Secular Student Alliance Starts "Secular Safe Zones" at Schools for Atheist Students


Non-believing students have taken a page from LGBT students and recently started a safe zone program at high school and college campuses across the country.

The Secular Student Alliance has spearheaded a new initiative to make “Secular Safe Zones” on high school and college campuses. According to the organizations website, the mission of the safe zones is to "curtail the effects of discrimination, bullying, and social isolation faced by many secular students - especially high school students - in our society."

The program will allow any campus official interested in being a mentor to a secular student participate, and will enable them to open up their offices or classrooms as safe zones for those students to meet. If school employees would like their room to be considered a safe zone, they just need to hang the group’s logo on their door, letting students know that they can meet there.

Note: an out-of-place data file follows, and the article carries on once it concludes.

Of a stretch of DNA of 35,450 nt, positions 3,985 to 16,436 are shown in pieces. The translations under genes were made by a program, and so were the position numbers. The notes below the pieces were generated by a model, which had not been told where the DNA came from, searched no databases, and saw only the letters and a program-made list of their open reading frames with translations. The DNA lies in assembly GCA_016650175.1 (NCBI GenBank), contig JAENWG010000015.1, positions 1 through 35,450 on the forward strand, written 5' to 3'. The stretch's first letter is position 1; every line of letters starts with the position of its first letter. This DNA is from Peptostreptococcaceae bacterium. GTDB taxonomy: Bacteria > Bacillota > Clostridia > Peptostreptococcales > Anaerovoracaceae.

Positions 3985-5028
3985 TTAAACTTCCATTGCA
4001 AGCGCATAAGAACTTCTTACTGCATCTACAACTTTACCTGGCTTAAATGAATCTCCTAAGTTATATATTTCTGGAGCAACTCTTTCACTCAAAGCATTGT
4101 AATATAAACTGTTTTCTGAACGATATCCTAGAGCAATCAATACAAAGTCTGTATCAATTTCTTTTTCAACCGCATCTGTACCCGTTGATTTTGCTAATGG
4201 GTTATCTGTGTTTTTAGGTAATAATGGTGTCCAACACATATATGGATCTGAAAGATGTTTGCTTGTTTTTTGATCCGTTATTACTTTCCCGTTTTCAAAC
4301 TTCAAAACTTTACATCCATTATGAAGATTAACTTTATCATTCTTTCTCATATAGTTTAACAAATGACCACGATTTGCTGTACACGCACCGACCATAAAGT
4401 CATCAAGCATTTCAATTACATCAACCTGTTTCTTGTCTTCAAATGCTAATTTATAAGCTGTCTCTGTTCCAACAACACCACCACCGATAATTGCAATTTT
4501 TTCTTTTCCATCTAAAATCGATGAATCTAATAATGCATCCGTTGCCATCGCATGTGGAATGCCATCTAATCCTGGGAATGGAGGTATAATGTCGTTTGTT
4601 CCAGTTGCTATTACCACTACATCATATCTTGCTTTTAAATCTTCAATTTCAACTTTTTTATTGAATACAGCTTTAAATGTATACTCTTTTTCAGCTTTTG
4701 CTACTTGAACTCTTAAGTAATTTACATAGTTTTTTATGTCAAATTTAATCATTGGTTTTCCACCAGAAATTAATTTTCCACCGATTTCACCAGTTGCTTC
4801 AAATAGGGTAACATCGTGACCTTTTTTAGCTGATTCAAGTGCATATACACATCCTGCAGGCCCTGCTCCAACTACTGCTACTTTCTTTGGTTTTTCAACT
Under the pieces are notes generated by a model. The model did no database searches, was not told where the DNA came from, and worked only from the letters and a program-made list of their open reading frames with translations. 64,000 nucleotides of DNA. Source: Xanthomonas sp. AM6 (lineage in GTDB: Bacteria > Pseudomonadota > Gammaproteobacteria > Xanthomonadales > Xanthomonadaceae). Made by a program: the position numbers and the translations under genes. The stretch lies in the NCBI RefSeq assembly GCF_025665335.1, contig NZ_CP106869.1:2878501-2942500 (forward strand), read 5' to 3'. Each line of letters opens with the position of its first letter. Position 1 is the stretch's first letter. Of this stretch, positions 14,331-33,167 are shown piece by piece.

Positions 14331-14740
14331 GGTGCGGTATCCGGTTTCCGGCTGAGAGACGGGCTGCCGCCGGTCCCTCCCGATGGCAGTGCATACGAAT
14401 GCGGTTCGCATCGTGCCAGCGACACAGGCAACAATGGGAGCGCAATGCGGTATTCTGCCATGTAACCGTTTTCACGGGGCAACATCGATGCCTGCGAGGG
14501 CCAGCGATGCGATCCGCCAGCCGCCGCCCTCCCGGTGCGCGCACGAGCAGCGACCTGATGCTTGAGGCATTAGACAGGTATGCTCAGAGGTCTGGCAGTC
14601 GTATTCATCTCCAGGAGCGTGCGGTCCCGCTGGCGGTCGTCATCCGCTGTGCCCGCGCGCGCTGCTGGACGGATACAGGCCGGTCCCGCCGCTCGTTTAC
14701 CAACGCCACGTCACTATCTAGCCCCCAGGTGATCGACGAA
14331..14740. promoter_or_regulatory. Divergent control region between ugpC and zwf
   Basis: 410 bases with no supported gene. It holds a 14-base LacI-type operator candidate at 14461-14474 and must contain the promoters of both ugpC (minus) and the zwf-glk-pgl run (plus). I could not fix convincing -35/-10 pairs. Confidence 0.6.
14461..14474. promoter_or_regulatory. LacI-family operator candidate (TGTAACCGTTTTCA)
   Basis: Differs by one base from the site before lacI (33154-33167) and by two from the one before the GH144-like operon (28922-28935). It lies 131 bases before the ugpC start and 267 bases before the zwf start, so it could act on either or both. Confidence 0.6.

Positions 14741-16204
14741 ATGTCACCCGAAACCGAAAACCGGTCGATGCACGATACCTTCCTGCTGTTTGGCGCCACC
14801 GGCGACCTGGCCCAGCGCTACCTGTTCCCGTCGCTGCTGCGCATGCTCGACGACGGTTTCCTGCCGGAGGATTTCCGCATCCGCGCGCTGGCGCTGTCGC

“It's shocking how often people tell secular students that they don't belong in America,” said Jesse Galef, communications director for the Secular Student Alliance, to The Atlantic. “Sometimes there are threats of violence against students who openly identify as atheists. We’re calling on supportive role models nationwide to stand up for these students."

In an interview with Religion News Service, Galef also noted that they are learning from LGBT groups that have started similar programs in schools, noting that after much time spent trying to figure out how to curve bullying of atheist students, this was a logical course of action.

"We heard too many stories of bullying and harassment from our students and looked around for something to do," said Galef. "This seemed like the logical next step, and it seemed like there is a lot we can learn from what the LGBT community has done."

The SSA hopes that this is a good first step towards acceptance of atheist and agnostic students in a nation with an overwhelming majority of Christians, among other religious groups


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